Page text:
Methods

Characteristic functional and reduced statistics

The characteristic functional of the Lagrangian velocity time series u(t) is defined as46

$$\phi [\vartheta ] = \left\langle {{\mathrm{{exp}}}\left( {{\mathrm{i}}\mathop {\int}\limits_{ - \infty }^\infty {\mathrm{d}} t\, \vartheta (t)u(t)} \right)} \right\rangle ,$$
(7)

where 〈〉 denotes an ensemble average and ϑ(t) a test function. Since it contains the full statistical information about the time series, we can derive arbitrary single-particle statistical quantities. Note that for presentational purposes, we choose the times t0 and t0 + τ for two-time quantities as opposed to the centered choice in the main text. Since the sub-ensembles are statistically stationary, this yields the same results.

Correlation functions can be computed from the characteristic functional in a straightforward manner. The Lagrangian velocity autocorrelation function Cu(τ) is obtained by taking functional derivatives:

$$C^u(\tau ) = \left\langle {u(t_0)u(t_0 + \tau )} \right\rangle$$
(8)
$$\mathop { = }\limits^{(7)} - \left[\frac{{\delta ^2}}{{\delta \vartheta (t_0)\delta \vartheta (t_0 + \tau )}}\phi [\vartheta ]\right]_{\vartheta = 0}$$
(9)
$$\mathop { = }\limits^{(3)} \mathop {\int}\limits_0^\infty {\mathrm{d}} \alpha \,f(\alpha )\,C_\alpha (\tau ){\kern 1pt} .$$
(10)

Various quantities are kinematically determined by this function. For instance, the acceleration autocorrelation function Ca(τ) = 〈a(t0)a(t0 + τ)〉 is given by its negative second derivative49:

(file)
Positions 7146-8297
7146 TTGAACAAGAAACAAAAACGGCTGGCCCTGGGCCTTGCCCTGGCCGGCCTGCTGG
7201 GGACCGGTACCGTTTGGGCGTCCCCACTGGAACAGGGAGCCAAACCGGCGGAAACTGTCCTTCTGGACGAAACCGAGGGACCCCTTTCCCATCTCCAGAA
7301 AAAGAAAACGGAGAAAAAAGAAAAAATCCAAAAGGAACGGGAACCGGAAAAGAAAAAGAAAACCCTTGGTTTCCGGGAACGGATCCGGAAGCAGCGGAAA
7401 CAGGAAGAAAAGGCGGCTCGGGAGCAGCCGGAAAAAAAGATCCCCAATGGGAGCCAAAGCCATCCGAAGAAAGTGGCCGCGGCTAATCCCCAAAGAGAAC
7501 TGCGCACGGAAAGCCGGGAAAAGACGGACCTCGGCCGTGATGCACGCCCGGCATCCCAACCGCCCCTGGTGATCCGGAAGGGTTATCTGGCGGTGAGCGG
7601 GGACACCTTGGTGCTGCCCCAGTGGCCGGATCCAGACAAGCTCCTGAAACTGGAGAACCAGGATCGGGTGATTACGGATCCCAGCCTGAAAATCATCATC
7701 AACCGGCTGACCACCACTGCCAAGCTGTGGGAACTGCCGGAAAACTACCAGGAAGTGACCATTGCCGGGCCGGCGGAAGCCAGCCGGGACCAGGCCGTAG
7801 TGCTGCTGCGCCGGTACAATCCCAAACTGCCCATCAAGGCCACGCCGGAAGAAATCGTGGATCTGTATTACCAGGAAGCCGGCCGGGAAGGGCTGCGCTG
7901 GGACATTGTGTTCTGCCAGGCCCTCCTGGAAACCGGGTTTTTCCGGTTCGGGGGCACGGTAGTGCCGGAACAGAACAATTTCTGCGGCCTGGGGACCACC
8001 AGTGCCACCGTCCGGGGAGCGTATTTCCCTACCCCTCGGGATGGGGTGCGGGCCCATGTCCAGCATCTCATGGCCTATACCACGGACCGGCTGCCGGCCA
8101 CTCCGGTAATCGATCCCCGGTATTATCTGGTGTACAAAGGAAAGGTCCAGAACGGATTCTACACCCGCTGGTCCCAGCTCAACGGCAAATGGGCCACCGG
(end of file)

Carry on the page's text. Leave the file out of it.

$$C^{a}(\tau ) = - \frac{{{\mathrm{d}}^2}}{{{\mathrm{d}}\tau ^2}} C^u(\tau ).$$
(11)

Let X(t) denote one component of a Lagrangian trajectory. The mean squared displacement 〈R(τ)2〉 = 〈(X(t0 + τ)−X(t0))2〉 can be obtained by integration of the velocity autocorrelation function:

$$\langle R(\tau )^2\rangle = \mathop {\int}\limits_0^\tau {\mathrm{d}}t \mathop {\int}\limits_0^\tau {\mathrm{d}} t{\prime}\, C^u(t - t{\prime}).$$
(12)

Finite-dimensional PDFs can be derived from Eq. (3) by an appropriate choice of the test function ϑ(t). In the simplest case, the single-point velocity statistics, we set ϑ(t) = γδ(tt0), which yields the characteristic function

$$\phi ^u(\gamma ) = \left\langle {{\mathrm{{exp}}}\left( {{\mathrm{i}}\gamma u(t_0)} \right)} \right\rangle$$
(13)
$$\mathop { = }\limits^{(7)} \phi [\vartheta = \gamma \delta (t - t_0)]$$
(14)
$$\mathop { = }\limits^{(3)} \mathop {\int}\limits_0^\infty {\mathrm{d}} \alpha\, f(\alpha )\,{\mathrm{exp}}\left( { - \frac{{\gamma ^2}}{2}C_\alpha (0)} \right).$$
(15)

By a Fourier transform, we obtain the single-point velocity PDF

$$f(u) = \mathop {\int}\limits_0^\infty {\mathrm{d}} \alpha\, f(\alpha )\, g(u;C_\alpha (0)){\kern 1pt} ,$$
(16)

where g is a Gaussian velocity distribution with variance Cα(0). Similarly, in order to obtain the characteristic function ϕa(γ) of the single-point acceleration, we choose \(\vartheta(t)=-\gamma \, {\frac{\mathrm{d}}{{\mathrm{d}}t}}\, \delta\)(tt0), which yields